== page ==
Farmers and agricultural businesses in Minnesota applauded the trade deal President Donald Trump signed Wednesday with China, but many said they hoped he would open trade further with the world’s second-largest economy.

“It’s positive. It’s moving in the right direction,” said Bill Gordon, a farmer near Worthington, Minn., and leader in the American Soybean Association who attended the signing ceremony.

“This is what we needed, we needed to get in the same room and talk,” he added. “Now we’ve signed the deal. Now we need to implement it.”

With it, Trump and Chinese Vice Premier Liu He took a step to calm a trade war that began in the steel industry in the spring of 2018 and spread across many others.

China committed in the deal to purchasing an additional $200 billion in U.S. goods and services by 2021. Of that, China will import about $12 billion in agriculture products this year and another roughly $20 billion next year.

China is also expected to ease, but not eliminate, some tariffs it has placed on U.S. goods when it retaliated to barriers on steel imposed by the U.S.

The U.S. will maintain the bulk of its $360 billion in tariffs on Chinese goods. And Washington may take other steps if Beijing does not follow through on the terms of the deal.

“Today we take a momentous step, one that has never been taken before with China, toward a future of fair and reciprocal trade with China,” Trump said at the White House ceremony. “Together we are righting the wrongs of the past.”

The pact marks a shift in U.S. trade policy. Rather than lowering tariffs and other economic barriers to allow for the flow of goods and services to meet market demand, the deal leaves tariffs in place and stipulates that China buy $200 billion worth of specific products within two years. Instead of trying to change China’s approach, the agreement leans into it by requiring Beijing to buy set amounts of certain goods and services.

Agriculture leaders in Minnesota Wednesday were cautiously optimistic, but they expressed discomfort with the policy shift.

Restoring market signals to trade with China should be a priority, said John Griffith, senior vice president of global grain marketing and renewable fuels for Inver Grove Heights-based CHS Inc.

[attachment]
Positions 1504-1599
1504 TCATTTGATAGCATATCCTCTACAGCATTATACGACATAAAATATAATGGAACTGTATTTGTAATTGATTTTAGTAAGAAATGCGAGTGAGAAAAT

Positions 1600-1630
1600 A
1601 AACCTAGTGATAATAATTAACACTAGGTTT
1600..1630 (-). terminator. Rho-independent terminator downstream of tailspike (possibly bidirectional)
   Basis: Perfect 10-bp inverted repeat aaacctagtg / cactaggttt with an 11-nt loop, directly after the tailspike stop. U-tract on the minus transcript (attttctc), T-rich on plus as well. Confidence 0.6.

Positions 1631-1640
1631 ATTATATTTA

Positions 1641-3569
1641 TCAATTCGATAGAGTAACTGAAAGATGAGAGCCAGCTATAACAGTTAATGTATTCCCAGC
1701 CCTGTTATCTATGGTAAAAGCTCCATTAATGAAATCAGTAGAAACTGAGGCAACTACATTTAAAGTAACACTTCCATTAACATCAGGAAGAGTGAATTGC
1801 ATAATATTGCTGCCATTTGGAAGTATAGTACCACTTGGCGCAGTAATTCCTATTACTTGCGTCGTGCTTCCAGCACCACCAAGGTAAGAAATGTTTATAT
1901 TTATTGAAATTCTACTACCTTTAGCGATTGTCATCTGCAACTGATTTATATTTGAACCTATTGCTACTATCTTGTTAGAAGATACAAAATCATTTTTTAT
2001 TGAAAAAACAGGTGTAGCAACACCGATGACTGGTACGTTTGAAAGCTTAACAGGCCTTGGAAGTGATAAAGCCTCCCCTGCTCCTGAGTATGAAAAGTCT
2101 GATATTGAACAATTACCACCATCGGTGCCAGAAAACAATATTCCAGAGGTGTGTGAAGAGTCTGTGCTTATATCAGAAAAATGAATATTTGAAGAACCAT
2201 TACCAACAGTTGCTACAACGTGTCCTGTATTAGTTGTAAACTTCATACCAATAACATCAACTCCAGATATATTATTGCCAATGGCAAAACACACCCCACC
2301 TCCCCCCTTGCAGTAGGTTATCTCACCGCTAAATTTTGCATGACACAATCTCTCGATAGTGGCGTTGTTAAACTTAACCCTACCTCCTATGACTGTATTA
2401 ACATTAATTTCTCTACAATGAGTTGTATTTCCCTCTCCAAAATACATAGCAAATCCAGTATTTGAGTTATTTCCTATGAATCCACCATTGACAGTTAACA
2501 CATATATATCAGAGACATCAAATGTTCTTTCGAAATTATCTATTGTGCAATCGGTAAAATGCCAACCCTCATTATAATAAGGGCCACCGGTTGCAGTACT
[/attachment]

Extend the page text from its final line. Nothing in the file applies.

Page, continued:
“The agricultural targets in the agreement are a significant shift upward, and that is a positive for agriculture,” Griffith said in a statement. “I’m hopeful execution against those targets can be done in the most market-based approach possible to provide appropriate signals to farmers, the market and ag supply chain.”

Mike Steenhoek, director of the Iowa-based Soy Transportation Council, said the deal “provides farmers some optimism” but warned that a one-off does little for U.S. farmers, and the future predictability of Chinese soybean purchases is “essential” to the trade relationship.

“Many of us will be particularly attentive to not just expected volumes of soybeans and agricultural products to be exported to China, but, just as important, the predictability and reliability of those volumes,” Steenhoek said in a statement.

The deal does not resolve structural issues surrounding China’s approach, such as its pattern of subsidizing and supporting key industries that compete with U.S. firms, like solar and steel. U.S. businesses blame those economic practices for allowing cheap Chinese goods to flood the U.S. market, putting domestic firms out of business.

Instead, like the presidents who preceded him, Trump plans to rely on allies and the World Trade Organization to try and push China to change its ways.

The agreement also fails to address cybersecurity and China’s tight controls over how companies handle data and cloud computing. China rejected U.S. demands to include promises to refrain from hacking U.S. firms in the text, insisting it was not a trade issue.

The administration has said it will address some of these changes in the next phase of the negotiations.

Before the deal was signed Wednesday it was already under fire from top Democrats. Sen. Chuck Schumer, the minority leader from New York, criticized it for failing to address China’s state-owned enterprises and industrial subsidies. He suggested that President Xi Jinping was privately laughing at the United States over the weakness of the deal and that China has “taken President Trump to the cleaners.”